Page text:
On 28-29 October in Brussels, the European Union, together with the UN Refugee Agency (UNHCR) and UN Migration Agency (IOM), will host the International Solidarity Conference on the Venezuelan refugee and migrant crisis.
Over 4 million Venezuelans have left their country because of insecurity, political crisis, socio-economic instability or humanitarian needs. This has become the largest displacement in Latin America’s recent history and, after Syria, the biggest external displacement crisis in the world.
Any help can be critical for people who have lost nearly everything and are in need not only of shelter and food, but also of access to education, health care, job, or basic documentation.
In addition to the support already delivered, the European Union is partnering with UNHCR and IOM to bring to the world’s attention the scale of the crisis, and demonstrate commitment and solidarity with the Venezuelan refugees and migrants and those welcoming them across the region.
Ahead of the Conference, we want to put people at the centre and let them tell their stories.
Isabel and Darlys are two of the 1.4 million Venezuelans who have crossed into Colombia. They do not know each other. They made their ways to leave separately, but there is something that unites them: they are both mothers of sick children who needed urgent medical assistance.
“At first I came here alone from Venezuela because of my son’s health”, Darlys explains. He has a kidney disease. “Later I decided to bring my children because his situation was critical and you couldn’t get medicines or medical care in Venezuela”, Darlys continues, who lives with her two children in Maicao’s Integrated Assistance Centre, opened by UNHCR to cater to the urgent needs. Maicao, near the Venezuelan border, is a city that has seen more than 30.000 new arrivals in 2019.
Isabel crossed the bridge between Venezuela and the Colombian city of Cucuta. As she could not afford transportation, she walked for days with her four children. One of them, Jeremías, had to be hospitalized with malnutrition. “My children went an entire day without eating. He weighed 7 kilos at age 3. He was going to die”, she remembers. Isabel has found a temporary haven in a municipal shelter supported by UNHCR, but she still longs for a home. “If things were to get better in my country, I would like to go back home. To be there with my children, so that they can go to school, and live their lives and have a normal childhood, like the one I had”.
When Ana Mayora first came to Ecuador along with her son she was not able to bring her father along. Ana would send him what little money that she could save to help pay for his medicine but knew that he would not live long if he stayed in Venezuela due to a lack of access to medical care. “I feared the day I would get a phone call telling me to stop sending money for his medicine and instead send money for his urn”, she tearfully says. Thankfully, with IOM assistance, Ana was reunited with her father in Quito.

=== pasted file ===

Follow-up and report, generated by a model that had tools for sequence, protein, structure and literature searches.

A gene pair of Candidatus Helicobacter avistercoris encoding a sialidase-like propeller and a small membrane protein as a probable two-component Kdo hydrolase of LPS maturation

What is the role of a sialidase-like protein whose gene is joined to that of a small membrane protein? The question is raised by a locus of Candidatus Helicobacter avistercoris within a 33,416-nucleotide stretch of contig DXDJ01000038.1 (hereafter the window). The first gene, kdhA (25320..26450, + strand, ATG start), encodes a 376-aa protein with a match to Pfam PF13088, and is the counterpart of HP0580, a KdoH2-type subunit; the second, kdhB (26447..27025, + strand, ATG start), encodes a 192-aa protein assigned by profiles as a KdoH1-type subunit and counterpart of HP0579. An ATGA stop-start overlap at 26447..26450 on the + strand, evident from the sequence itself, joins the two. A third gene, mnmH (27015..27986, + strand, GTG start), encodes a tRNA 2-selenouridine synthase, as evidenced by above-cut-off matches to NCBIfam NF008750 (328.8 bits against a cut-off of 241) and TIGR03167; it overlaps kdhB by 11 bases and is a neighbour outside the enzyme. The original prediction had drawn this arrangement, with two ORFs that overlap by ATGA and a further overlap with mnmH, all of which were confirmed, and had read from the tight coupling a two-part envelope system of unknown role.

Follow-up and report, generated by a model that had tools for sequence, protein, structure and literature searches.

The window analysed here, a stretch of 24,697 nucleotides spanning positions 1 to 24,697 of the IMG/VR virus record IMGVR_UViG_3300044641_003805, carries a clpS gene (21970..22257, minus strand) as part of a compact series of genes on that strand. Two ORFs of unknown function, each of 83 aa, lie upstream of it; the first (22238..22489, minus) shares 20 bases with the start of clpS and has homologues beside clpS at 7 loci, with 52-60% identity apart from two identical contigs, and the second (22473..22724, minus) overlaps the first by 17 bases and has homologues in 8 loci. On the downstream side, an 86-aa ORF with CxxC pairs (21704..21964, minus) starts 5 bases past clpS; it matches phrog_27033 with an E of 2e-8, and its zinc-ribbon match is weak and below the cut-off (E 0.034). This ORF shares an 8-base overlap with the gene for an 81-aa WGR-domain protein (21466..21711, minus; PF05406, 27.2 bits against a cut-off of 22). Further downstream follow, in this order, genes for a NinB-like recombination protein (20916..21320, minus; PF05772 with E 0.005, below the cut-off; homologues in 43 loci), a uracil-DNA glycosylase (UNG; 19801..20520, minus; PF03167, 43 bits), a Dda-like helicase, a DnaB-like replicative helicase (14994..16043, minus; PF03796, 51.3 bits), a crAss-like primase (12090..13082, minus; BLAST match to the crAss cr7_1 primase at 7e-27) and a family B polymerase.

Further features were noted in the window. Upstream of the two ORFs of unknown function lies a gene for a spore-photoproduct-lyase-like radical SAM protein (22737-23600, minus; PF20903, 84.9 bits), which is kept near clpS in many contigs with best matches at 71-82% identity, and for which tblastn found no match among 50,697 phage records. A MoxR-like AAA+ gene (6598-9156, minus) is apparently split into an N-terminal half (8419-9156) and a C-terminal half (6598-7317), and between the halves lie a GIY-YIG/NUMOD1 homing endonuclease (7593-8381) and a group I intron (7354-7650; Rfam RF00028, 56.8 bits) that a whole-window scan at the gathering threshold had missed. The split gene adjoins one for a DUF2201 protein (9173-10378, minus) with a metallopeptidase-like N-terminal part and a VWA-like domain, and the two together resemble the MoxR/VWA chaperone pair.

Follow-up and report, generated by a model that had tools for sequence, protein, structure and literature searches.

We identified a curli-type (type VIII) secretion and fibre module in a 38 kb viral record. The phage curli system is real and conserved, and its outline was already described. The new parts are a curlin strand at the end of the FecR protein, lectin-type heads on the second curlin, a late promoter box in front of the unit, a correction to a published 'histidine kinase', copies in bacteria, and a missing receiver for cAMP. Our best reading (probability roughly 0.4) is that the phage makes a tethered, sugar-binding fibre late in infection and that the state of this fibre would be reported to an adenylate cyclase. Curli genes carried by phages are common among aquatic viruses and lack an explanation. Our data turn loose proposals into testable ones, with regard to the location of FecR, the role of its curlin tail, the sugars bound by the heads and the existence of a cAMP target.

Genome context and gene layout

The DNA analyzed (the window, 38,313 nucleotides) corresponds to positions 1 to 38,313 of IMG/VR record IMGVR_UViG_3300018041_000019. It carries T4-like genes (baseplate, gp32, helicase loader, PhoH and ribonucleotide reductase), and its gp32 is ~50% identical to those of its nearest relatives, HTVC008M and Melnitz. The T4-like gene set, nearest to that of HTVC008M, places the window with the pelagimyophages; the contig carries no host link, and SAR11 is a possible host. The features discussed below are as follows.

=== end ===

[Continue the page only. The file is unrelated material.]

Carmen runs a hostel in El Juncal, a little town in north Ecuador. The Venezuelan crisis knocked on her door, with hundreds of Venezuelans passing by Carmen´s village every day, so she decided to help. She is giving shelter to dozens of migrants every night, so they can have a rest before they continue their journey. “They can have a shower or a meal, or a place to sleep”, Carmen explains.
“She’s become like a mom to us”, says Daniel, one of the Venezuelans who stays over at her hostel. Carmen does not only offer the people in need food and accommodation, but also refers them for local jobs and provides info on asylum procedures and other services in Ecuador. In exchange, most of them are happy to help her serving the meals, and sit down to talk and listen to other newcomers. “I may not have money, but I have a heart for those who come”, Carmen says.
Niurka Ramírez, a Venezuelan teacher working in southern Peru, feels at home at the school “Al aire libre”. The school is leading the way for the integration of Venezuelan teachers and children, who often find difficulties to resume their jobs and studies in their places of exile. It counts already 60 students and 3 teachers coming from Venezuela. One of them is Guillermo, a 10 year-old who has learned to play the trumpet in only four months and became one of the stars in the school band.
Jose left Venezuela in September 2019, saying that the situation forced him to take this decision. It was the first time that he left his family and home. Jose was waking on foot with one of his closest friends and he remembers the strength and support that came from the group spirit. “When we laugh, we laugh together. When we cry, we cry together.” “If one gets sick, we all get sick.” During his journey the strain on his body was huge and he and his friends were grateful to receive medical support at one of IOM’s humanitarian tents near Pamplona.
Johan is one of an estimated 7,700 refugees and migrants living with HIV and he remembers that “crossing Colombia on foot is both beautiful and sad”. In search for medicine he needed to survive,he had to leave Venezuela. He emotionally remembers the difficulty of the journey but gratefully looks back to the life-saving help he got from UN staff. After 8 months living and working in Peru, he was able to pay a visit to his mother in Venezuela.
Main photo credit: Carolina Celi / IOM